Perhaps the clearest and most accurate account of what happens to mankind after death is given by our greatest Authority, the Lord Jesus himself, as recounted by Luke, who was inspired by the Holy Spirit. It is found in Luke 16, verses 19 to 31.
It should be noted that this is not spoken of as a parable. Some critics seem to explain away the solemn implications of the story by carelessly waving it off as a parable. The Lord did not mention the name of the rich man, but he did disclose the name of the beggar: Lazarus.
At the outset, it should be made clear that the unnamed rich man was not condemned to Hades because of his wealth. The basis of salvation is faith in the Lord, and men are condemned for refusing to believe on Him. But this particular rich man showed that he did not have true saving faith by his careless disregard of the beggar who was laid at his gate. He had no genuine love for God, and no care for his fellow man. If he had had the love of God in him, he could not have lived in luxury, comfort, and ease when a fellow man was outside his front door, begging for a few crumbs of bread.
It is likewise true that Lazarus was not saved because he was poor. He had humbled himself before the Lord in repentance and trusted in Him for the salvation of his soul. This detail was left out but is implied from other Scriptures.
When the beggar died, he was carried by the angels to Abraham’s bosom. Many question whether angels actually participate in conveying the souls of believers to heaven. We see no reason, however, for doubting the plain force of the words. Angels minister to believers in this life, and there seems no reason why they should not do so at the time of death. Abraham’s bosom is a symbolic expression to denote the place of bliss, also called Paradise. To any Jew, the thought of enjoying fellowship with Abraham would suggest inexpressible bliss. The Lord Jesus himself went to Paradise after He died on the cross, as he told the repentant robber crucified next to Him, promising him he would also be there.
When the rich man died, his body was buried - the body that he had catered to, and for which he had spent so much (the beggars body was probably thrown into the Valley of Gehenna where refuse was thrown and burned according to custom). The rich man’s soul, or conscious self, went to Hades. Hades is the Greek for the Old Testament word Sheol, the state of departed spirits. In the Old Testament period, it was spoken of as the abode of both saved and unsaved. But there were two different places within it, Paradise where the beggar was taken, and Hell where the rich man found himself, as he was in torments.
Verse 23 disproves the idea of “soul sleep”, the theory that the soul is not conscious between death and resurrection. It proves that there is conscious existence beyond the grave. In fact, we are struck by the extent of knowledge which the rich man had. He ... saw Abraham afar off and Lazarus in his bosom. He was even able to communicate with Abraham. Calling him Father Abraham, he begged for mercy, pleading that Lazarus might bring a drop of water and cool his tongue. There is, of course, a question as to how a disembodied soul can experience thirst and anguish from flame. We can only conclude that the language is figurative, but that does not mean that the suffering was not real.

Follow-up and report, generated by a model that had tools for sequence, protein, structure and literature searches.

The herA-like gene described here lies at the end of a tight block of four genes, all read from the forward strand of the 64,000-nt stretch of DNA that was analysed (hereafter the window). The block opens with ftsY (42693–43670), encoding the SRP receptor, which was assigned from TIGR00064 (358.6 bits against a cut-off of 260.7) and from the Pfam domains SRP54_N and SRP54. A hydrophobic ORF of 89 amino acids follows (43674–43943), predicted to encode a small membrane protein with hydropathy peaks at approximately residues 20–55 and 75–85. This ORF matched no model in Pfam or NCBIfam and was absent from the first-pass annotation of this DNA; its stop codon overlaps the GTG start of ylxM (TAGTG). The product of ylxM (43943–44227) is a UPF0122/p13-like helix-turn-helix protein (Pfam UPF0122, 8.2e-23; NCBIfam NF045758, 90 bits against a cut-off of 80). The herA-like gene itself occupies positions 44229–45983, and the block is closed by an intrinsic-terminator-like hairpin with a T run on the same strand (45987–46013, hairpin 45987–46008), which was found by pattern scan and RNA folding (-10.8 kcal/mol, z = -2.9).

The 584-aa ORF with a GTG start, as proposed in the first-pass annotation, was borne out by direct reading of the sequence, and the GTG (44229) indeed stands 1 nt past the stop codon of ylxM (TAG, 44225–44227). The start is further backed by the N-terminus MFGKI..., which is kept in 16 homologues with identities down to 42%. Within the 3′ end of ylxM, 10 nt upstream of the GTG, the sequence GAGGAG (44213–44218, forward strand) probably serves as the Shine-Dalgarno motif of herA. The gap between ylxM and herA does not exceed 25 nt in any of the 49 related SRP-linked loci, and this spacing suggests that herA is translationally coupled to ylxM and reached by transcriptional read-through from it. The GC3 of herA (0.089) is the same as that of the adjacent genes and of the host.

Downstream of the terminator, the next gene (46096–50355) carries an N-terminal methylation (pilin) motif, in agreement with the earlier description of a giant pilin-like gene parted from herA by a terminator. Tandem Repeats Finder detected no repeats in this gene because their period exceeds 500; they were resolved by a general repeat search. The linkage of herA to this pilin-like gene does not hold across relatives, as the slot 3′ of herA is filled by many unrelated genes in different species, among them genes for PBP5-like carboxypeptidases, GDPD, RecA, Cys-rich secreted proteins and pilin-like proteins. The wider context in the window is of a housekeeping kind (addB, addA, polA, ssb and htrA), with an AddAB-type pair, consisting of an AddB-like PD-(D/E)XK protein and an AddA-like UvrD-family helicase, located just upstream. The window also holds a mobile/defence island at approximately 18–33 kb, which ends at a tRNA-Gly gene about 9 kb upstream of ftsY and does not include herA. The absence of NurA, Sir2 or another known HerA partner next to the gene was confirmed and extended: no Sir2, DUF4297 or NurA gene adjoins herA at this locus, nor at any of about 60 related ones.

We learn in verse 26 that the choices of this life determine our eternal destiny, and once death has taken place, that destiny is fixed. There is no passage from the abode of the saved to that of the damned, or vice versa.
From the New Testament, we know that when a believer dies, his body goes to the grave, but his soul goes immediately to be with Christ in heaven (2 Corinthians 5:8 Philippians 1:23). Christ went to heaven at the time of His ascension, and took Paradise with Him, where it was seen, in a vision, by Paul (2 Corinthians 12:4). This transfer is possibly what is meant in Ephesians 4:8.
When an unbeliever dies, his body likewise goes to the grave, but his soul goes to Hades, as in the account given by the Lord. For the unbeliever, Hades is a place of suffering and remorse.
See terms descriptive of Hell in Matthew 13:42; 25:46; Philippians 3:19; 2 Thessalonians 1:9; Hebrews 10:39; 2 Peter 2:17; Jude 1:13; Revelation 2:11; 19:20; 20:6,10, 14:8.
19 "There was a certain rich man who was clothed in purple and fine linen and fared sumptuously every day.
20 But there was a certain beggar named Lazarus, full of sores, who was laid at his gate,
21 desiring to be fed with the crumbs which fell from the rich man's table. Moreover the dogs came and licked his sores.
22 So it was that the beggar died, and was carried by the angels to Abraham's bosom. The rich man also died and was buried.
23 And being in torments in Hades, he lifted up his eyes and saw Abraham afar off, and Lazarus in his bosom.
24 "Then he cried and said, 'Father Abraham, have mercy on me, and send Lazarus that he may dip the tip of his finger in water and cool my tongue; for I am tormented in this flame.'
25 But Abraham said, 'Son, remember that in your lifetime you received your good things, and likewise Lazarus evil things; but now he is comforted and you are tormented.
26 And besides all this, between us and you there is a great gulf fixed, so that those who want to pass from here to you cannot, nor can those from there pass to us.'
27 "Then he said, 'I beg you therefore, father, that you would send him to my father's house,
28 for I have five brothers, that he may testify to them, lest they also come to this place of torment.'
29 Abraham said to him, 'They have Moses and the prophets; let them hear them.'
30 And he said, 'No, father Abraham; but if one goes to them from the dead, they will repent.'
31 But he said to him, 'If they do not hear Moses and the prophets, neither will they be persuaded though one rise from the dead.' "
Luke chapter 16, verses 19 to 31